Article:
The Use of Smartphones for Watching Content: Economic Consequence or Cultural Inclination?An analysis on user's preferences for this device.
The consumption of series and movies through online platforms is high on a global level. Although over 75% of households choose it as a form of entertainment, each region has its peculiarities regarding consumption patterns, economic disparities, and cultural habits.
One standout factor compared to others is the choice of device most used to view this type of content. In the United States and Canada (UCAN), 71% prefer Smart TVs, while, with a 22-point difference, 49% use smartphones. Something similar happens in Europe, the Middle East, and Africa (EMEA), where Smart TVs are the most popular choice in 60% of households, and 46% using smartphones. This trend reverses in Asia and the Pacific (APAC), where smartphones are the most used devices for viewing online content. In fact, 79% of households prefer smartphones, surpassing its direct competitor, the Smart TV, by a margin of 25%.
But what is the reason behind this difference? To delve deeper, it is necessary to clarify which countries prefer to watch online content on smaller screens. In APAC, there are three countries where smartphones are the most used devices: India, chosen by 88% of households, Indonesia, and China, with 86% and 78% respectively.
Similarly, Saudi Arabia, South Africa, and Turkey share this trend, as over 60% of households use smartphones.
It’s no coincidence that some platforms have implemented mobile plans to offer users the opportunity to reduce costs. In fact, in the Africa region, there are 90 plans, and in Asia, there are 28.
Netflix is one of the platforms that adopted this type of plan. In South Africa, the mobile plan costs USD $5.70 less than the standard plan (a 65% discount). In Indonesia, the difference is USD $6.11 (62% less). In India, the “Mobile” plan is priced at USD $1.97 (70% less than the standard plan).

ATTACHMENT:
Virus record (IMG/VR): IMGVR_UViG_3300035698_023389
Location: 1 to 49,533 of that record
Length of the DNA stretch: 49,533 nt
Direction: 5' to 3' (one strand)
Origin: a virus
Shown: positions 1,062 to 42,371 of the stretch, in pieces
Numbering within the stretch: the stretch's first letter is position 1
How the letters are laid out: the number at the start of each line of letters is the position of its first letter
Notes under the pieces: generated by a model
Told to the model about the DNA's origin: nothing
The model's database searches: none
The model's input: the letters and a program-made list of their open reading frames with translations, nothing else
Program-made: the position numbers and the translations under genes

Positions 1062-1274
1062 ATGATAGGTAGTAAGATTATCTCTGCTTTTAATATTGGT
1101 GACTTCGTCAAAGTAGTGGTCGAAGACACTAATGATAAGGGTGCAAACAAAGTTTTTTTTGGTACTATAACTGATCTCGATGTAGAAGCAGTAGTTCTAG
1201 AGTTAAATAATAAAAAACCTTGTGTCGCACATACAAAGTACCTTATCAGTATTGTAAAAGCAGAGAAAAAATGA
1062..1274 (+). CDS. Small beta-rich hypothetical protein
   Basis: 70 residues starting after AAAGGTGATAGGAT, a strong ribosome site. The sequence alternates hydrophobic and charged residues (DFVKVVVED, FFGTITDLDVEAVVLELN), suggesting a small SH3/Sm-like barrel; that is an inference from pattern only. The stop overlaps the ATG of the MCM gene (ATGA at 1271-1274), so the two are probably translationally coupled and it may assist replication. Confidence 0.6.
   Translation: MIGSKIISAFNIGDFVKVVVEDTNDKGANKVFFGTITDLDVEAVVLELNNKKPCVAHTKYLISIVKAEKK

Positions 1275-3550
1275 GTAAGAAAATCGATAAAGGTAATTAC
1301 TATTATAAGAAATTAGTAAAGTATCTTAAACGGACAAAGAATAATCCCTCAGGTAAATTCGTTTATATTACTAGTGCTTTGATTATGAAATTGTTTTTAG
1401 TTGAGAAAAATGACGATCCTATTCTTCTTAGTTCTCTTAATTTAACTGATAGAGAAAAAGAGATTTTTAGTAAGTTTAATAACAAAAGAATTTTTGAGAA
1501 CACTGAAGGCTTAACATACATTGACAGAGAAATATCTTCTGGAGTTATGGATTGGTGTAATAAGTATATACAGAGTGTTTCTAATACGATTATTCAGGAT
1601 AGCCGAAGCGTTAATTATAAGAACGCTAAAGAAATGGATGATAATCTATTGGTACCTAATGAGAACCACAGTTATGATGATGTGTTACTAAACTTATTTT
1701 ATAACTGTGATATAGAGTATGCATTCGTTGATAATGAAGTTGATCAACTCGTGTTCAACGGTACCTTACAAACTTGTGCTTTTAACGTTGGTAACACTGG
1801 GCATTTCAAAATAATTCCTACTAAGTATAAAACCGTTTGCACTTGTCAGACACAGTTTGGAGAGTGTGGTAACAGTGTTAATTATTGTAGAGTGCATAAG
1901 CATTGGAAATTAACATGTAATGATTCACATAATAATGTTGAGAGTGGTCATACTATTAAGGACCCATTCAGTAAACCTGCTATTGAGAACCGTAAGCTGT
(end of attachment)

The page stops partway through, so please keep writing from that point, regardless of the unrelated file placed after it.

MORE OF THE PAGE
Other streaming services have also expanded their offerings and integrated mobile plans in the mentioned countries, such as Showmax, Zee5, Vidio, and Sony Liv, among others. In India, Amazon Prime Video introduced an annual plan for USD $7.30, which amounts to $0.61 per month. In Saudi Arabia, Starzplay charges USD $3.99 for this type of plan.
An interesting analysis arises when crossing smartphone preference and the proliferation of plans designed for single users with the socioeconomic characteristics of countries where this form of consumption predominates. For 2023, one common factor is the very low monthly minimum wages in dollars. In South Africa, it reaches USD $248, while in Indonesia, it’s USD $184. On the other hand, in India, it doesn’t exceed USD $60 per month. Additionally, these are countries with a high level of social inequality.
Following this line of reasoning, Latin America could be fertile ground for the expansion of mobile plans and the use of OTTs through smartphones. Economically speaking, it presents similar characteristics: minimum wages range from USD $8 per month in Venezuela to USD $540 in the case of Uruguay.
HBO MAX saw this opportunity and introduced its mobile plan in Uruguay, Mexico, Colombia, and Argentina in June 2021, which was later expanded to the rest of the Latin American countries. However, it was gradually phased out and became inactive in January 2023.
This change can be explained by the fact that, regionally, smartphone usage for viewing content (50%) isn’t far from Smart TV usage (47%). The difference between Latin American, Asian, and African countries might be based on cultural habits. BB Media’s data reveals that in LATAM, 48% of online content consumers engage in the activity alone, while the remaining 52% do so with their partners, friends, or family. In some countries like Colombia, Ecuador, Mexico, and Peru, this ratio is closer to 40% of individuals viewing content alone and 60% watching content with someone else. With that perspective, it’s understandable that mobile plans might not be as popular in places where the activity is considered a shared moment.
It seems that individualism prevails in Asian and African cultures when it comes to consuming entertainment. Was this aspect influenced by changing economic conditions over time? Will the viewership of content increasingly lean towards an individual activity worldwide in the future?
WRITTEN BY: Victoria Bestard (External Media Analyst at BB Media)
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